Actual English


Actual translate: 現實的,實際的;真實的,真正的. Learn more in the Cambridge English-Chinese traditional Dictionary. Actual English with Jennifer - Lesson 15: Spending Habits Hello, this is Actual English, the real English lesson by Jennifer Clyde. This is the 15th lesson of Actual English Speaking. In this lesson, she will help you learn how to learn about spending habits. Full Episode List of Actual English and Actual Speaking. Actual (adj.) early 14c., 'pertaining to acts or an action;' late 14c. In the broader sense of 'real, existing' (as opposed to potential, ideal, etc.); from Old French actuel 'now existing, up to date' (13c.), from Late Latin actualis 'active, pertaining to action,' adjectival form of Latin actus 'a doing' (from PIE'to drive, draw out or forth, move').

Also found in: Thesaurus, Medical, Legal, Financial, Acronyms, Idioms, Encyclopedia.
Related to actual: Actual Cost, actual time


a. Existing in reality and not potential, possible, simulated, or false: The actual damages were less than first reported. In the actual test, the mechanism did not work as the computer model predicted. See Synonyms at real1.
b. Based on fact: The actual history of the voyage is different from the popular accounts.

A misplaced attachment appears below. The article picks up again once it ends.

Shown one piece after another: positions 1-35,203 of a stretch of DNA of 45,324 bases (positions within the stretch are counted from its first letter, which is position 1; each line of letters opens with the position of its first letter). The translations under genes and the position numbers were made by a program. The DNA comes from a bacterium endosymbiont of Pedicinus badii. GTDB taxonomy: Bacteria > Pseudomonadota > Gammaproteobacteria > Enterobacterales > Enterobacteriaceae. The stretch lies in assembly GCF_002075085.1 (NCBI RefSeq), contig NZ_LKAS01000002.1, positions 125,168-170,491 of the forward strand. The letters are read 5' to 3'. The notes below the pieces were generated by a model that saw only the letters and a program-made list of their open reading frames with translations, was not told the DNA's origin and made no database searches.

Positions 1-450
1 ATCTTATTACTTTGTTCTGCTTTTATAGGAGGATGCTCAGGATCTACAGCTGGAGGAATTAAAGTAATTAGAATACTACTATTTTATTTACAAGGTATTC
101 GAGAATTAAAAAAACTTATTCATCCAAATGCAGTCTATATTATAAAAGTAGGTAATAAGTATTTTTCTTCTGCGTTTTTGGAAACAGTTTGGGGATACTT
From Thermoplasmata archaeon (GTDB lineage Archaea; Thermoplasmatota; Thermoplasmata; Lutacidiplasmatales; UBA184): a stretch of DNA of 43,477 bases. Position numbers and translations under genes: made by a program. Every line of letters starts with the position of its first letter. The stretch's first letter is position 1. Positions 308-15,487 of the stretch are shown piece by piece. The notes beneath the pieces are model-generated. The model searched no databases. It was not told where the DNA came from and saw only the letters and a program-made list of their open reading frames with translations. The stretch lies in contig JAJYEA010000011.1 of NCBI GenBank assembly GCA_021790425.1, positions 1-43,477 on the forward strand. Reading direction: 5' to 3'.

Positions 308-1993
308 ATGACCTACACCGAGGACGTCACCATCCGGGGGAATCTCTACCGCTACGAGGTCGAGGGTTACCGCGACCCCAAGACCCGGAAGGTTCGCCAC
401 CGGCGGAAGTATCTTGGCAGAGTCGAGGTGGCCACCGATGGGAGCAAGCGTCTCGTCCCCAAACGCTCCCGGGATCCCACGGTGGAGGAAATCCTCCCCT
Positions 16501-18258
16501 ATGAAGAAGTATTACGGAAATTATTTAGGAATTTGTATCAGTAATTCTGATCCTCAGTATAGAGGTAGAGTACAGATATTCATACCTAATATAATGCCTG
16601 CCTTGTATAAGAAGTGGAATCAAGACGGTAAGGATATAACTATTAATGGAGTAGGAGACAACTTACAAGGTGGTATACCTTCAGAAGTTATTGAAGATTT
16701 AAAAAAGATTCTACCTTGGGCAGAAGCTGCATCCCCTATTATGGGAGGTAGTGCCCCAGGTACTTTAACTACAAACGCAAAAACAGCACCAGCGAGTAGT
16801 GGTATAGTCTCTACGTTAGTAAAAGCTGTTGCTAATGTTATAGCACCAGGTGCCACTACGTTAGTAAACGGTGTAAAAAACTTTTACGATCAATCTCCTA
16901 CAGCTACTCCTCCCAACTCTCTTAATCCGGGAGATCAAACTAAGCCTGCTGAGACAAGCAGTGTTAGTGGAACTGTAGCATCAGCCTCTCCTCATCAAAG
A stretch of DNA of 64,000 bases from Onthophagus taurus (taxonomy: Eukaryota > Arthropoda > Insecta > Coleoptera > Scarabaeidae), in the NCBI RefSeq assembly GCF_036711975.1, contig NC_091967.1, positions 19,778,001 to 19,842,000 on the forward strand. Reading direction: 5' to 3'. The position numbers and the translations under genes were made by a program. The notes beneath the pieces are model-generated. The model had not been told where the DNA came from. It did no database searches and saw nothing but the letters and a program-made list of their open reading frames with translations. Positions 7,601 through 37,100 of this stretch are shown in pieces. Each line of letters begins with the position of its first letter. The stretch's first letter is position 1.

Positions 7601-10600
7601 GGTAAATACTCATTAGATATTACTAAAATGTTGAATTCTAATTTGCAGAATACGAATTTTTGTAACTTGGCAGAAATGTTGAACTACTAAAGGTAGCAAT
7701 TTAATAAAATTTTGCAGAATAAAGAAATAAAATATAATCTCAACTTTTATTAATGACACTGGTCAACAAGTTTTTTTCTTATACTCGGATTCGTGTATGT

2. Conforming to the characteristics of a group or type; typical: Is he an actual doctor or a fake?
[Middle English, from Old French, active, from Late Latin āctuālis, from Latin āctus, past participle of agere, to drive, do; see ag- in Indo-European roots.]
American Heritage® Dictionary of the English Language, Fifth Edition. Copyright © 2016 by Houghton Mifflin Harcourt Publishing Company. Published by Houghton Mifflin Harcourt Publishing Company. All rights reserved.


(ˈæktʃʊəl) adj
2. real or genuine
4. (usually preceded by your) informaloftenfacetiousBrit (intensifier): that music's by your actual Mozart, isn't it?.
[C14: actuel existing, from Late Latin āctuālis relating to acts, practical, from Latin āctus act]
Usage: The excessive use of actual and actually should be avoided. They are unnecessary in sentences such as in actual fact, he is forty-two, and he did actually go to the play but did not enjoy it